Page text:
Armed with new skills and growing confidence the second day saw us traverse the glacier, head up and over Col du Superieur du Tour and to the summit of Aiguille du Tour. I have been lucky enough to see some pretty amazing views and landscapes during my life, but sat on top of Aiguille du Tour, looking out over the Alps, with the Matterhorn and Monte Rosa dominating the skyline, was up there with the best. I was captivated by the scale of the mountain range before me, stretching as far as the eye could see, drawn in by the countless peaks. Sat here, with the wind against my back, the sun on my face and eyes full of majestic scenery I was perfectly happy.
Our final day of training was undoubtedly the hardest. The weather on the previous two days had been glorious sunshine, but we were now greeted by howling winds, heavy snow and a thick mist that reduce visibility to no more than twenty metres. Any thoughts that we might wait out the storm we soon quashed as Bernard instructed us all to get our kit on. I have always had a pretty good sense of direction, but within minutes of leaving the refuge I had no idea where we were going and but for being roped together, and Bernard having his GPS, there is no way we would ever have known where we were going. The real drama was still to come as we reached the top of Petite Fourche and faced up, or down rather, an icy couloir that had to be negotiated.
Despite being roped up to my fellow climbers my entire focus as I descended the ice wall was on what I had to do. It came down to the most basic of thought processes, kick my feet in, hack my ice axe in and repeat, slowly getting lower as I did so. And then, without any warning the rope went tight and before I could even react I knew I was about to be pulled off and sent hurtling down the couloir. There was no fear, just a clear and focused thought that I had to turn myself over and jam my ice-axe in, only I couldn't get any purchase in the ice. Thankfully Charles, who was directly below me on the rope had managed to arrest his fall and I rather unceremoniously clattered into him. At least we had stopped.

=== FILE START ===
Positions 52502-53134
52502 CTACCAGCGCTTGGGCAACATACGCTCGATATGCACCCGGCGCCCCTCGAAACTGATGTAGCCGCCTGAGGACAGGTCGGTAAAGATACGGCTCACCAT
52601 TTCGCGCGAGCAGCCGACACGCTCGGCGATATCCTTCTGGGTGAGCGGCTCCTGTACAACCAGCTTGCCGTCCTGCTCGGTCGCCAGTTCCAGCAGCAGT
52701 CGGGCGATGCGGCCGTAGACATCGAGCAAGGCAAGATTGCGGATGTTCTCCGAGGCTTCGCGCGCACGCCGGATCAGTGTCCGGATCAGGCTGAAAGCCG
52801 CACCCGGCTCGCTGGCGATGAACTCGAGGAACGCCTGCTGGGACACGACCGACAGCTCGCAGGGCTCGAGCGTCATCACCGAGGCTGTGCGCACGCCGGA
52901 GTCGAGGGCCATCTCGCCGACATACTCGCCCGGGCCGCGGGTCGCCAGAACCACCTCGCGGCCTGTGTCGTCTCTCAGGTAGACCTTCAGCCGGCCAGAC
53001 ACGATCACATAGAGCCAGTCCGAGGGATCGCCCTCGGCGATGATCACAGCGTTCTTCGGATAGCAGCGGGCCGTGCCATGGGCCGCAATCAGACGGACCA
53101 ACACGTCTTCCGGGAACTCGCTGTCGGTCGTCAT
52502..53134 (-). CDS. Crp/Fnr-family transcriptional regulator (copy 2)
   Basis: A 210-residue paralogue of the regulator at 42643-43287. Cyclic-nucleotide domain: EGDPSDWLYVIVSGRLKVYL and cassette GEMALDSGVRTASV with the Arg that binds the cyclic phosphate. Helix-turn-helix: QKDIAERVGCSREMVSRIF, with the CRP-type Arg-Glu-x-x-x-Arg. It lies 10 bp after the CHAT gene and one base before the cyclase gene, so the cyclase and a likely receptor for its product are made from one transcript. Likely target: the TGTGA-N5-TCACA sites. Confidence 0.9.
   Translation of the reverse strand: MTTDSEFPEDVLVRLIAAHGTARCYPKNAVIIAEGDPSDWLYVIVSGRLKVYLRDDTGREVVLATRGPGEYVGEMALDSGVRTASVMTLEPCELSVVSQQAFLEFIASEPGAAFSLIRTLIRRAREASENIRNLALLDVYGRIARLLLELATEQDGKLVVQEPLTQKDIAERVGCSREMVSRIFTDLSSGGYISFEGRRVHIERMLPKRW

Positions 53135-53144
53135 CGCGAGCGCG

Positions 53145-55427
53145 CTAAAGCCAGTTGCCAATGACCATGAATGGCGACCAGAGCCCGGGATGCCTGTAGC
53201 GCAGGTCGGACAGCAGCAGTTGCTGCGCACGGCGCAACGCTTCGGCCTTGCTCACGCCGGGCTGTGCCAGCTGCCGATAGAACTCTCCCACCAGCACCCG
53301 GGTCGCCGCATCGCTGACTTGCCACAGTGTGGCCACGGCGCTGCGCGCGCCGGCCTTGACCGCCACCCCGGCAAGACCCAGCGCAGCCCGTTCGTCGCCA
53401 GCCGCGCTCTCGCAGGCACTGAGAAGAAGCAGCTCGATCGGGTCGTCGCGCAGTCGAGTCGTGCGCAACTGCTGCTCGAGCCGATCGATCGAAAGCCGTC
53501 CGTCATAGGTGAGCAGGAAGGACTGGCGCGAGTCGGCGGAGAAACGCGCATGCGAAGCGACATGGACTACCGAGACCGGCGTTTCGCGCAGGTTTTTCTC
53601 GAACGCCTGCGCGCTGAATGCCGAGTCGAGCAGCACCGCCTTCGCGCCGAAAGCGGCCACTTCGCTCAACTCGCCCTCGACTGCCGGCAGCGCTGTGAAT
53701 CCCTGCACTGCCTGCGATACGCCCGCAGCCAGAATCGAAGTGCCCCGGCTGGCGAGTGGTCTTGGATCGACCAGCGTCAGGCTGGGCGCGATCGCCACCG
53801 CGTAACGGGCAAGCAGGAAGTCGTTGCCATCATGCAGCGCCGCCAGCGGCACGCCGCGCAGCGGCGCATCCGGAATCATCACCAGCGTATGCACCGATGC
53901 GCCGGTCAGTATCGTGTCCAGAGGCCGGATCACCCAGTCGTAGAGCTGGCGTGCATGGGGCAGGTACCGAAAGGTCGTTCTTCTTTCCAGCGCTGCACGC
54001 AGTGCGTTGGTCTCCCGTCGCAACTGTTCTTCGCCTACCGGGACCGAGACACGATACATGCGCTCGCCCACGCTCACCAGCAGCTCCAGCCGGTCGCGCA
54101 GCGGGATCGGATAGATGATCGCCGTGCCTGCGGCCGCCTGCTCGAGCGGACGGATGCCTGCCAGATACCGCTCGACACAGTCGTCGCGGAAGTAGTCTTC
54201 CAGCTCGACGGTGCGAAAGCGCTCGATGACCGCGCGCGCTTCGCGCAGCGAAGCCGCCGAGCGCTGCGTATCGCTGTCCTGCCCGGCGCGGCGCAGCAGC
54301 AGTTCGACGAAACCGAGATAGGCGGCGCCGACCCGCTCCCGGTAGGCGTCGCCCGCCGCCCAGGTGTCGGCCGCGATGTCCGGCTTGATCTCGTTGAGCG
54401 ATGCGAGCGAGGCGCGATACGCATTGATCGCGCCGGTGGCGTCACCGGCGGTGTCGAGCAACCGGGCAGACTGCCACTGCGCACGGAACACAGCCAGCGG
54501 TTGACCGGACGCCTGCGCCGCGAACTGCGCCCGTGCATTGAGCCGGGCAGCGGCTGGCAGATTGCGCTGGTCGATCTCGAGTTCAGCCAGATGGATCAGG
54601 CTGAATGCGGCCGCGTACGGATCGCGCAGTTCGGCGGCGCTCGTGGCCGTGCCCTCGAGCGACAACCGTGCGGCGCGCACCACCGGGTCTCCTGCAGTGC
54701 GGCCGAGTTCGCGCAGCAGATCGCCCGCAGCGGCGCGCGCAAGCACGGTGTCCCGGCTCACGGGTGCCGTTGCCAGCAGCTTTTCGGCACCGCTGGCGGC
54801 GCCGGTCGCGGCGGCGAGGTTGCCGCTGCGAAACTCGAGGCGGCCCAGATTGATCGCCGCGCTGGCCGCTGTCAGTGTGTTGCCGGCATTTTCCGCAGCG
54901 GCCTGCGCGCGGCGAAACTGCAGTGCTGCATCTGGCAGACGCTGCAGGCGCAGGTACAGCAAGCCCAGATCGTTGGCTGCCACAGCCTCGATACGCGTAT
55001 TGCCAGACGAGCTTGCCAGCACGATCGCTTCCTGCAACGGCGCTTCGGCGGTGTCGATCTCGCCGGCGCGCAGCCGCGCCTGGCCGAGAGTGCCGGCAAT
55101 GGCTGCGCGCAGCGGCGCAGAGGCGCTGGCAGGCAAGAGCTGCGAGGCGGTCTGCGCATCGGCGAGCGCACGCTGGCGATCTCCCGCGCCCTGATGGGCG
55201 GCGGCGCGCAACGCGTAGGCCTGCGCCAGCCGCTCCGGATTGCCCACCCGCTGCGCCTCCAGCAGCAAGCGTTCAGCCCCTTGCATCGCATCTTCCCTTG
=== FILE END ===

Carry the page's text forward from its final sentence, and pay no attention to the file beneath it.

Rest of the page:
With hearts pounding, a bitterly cold wind whipping icy cold snow up the couloir and a crisis averted we all took a moment to gather ourselves and calm down. It took a while to untangle the ropes and get ourselves sorted, in which time we were all blast covered with a layer of frosty ice, and it was with some relief that we finally got back under way. The upside of the fall was that we were now down the worst part of the ice wall and it took no time at all to get down onto the glacier, from where it was a comparatively easy decent back down to where we had started two days before. Having survived our training we all knew it was time to focus on the real challenge, climbing Mont Blanc itself.
Mont Blanc Ascent: Day One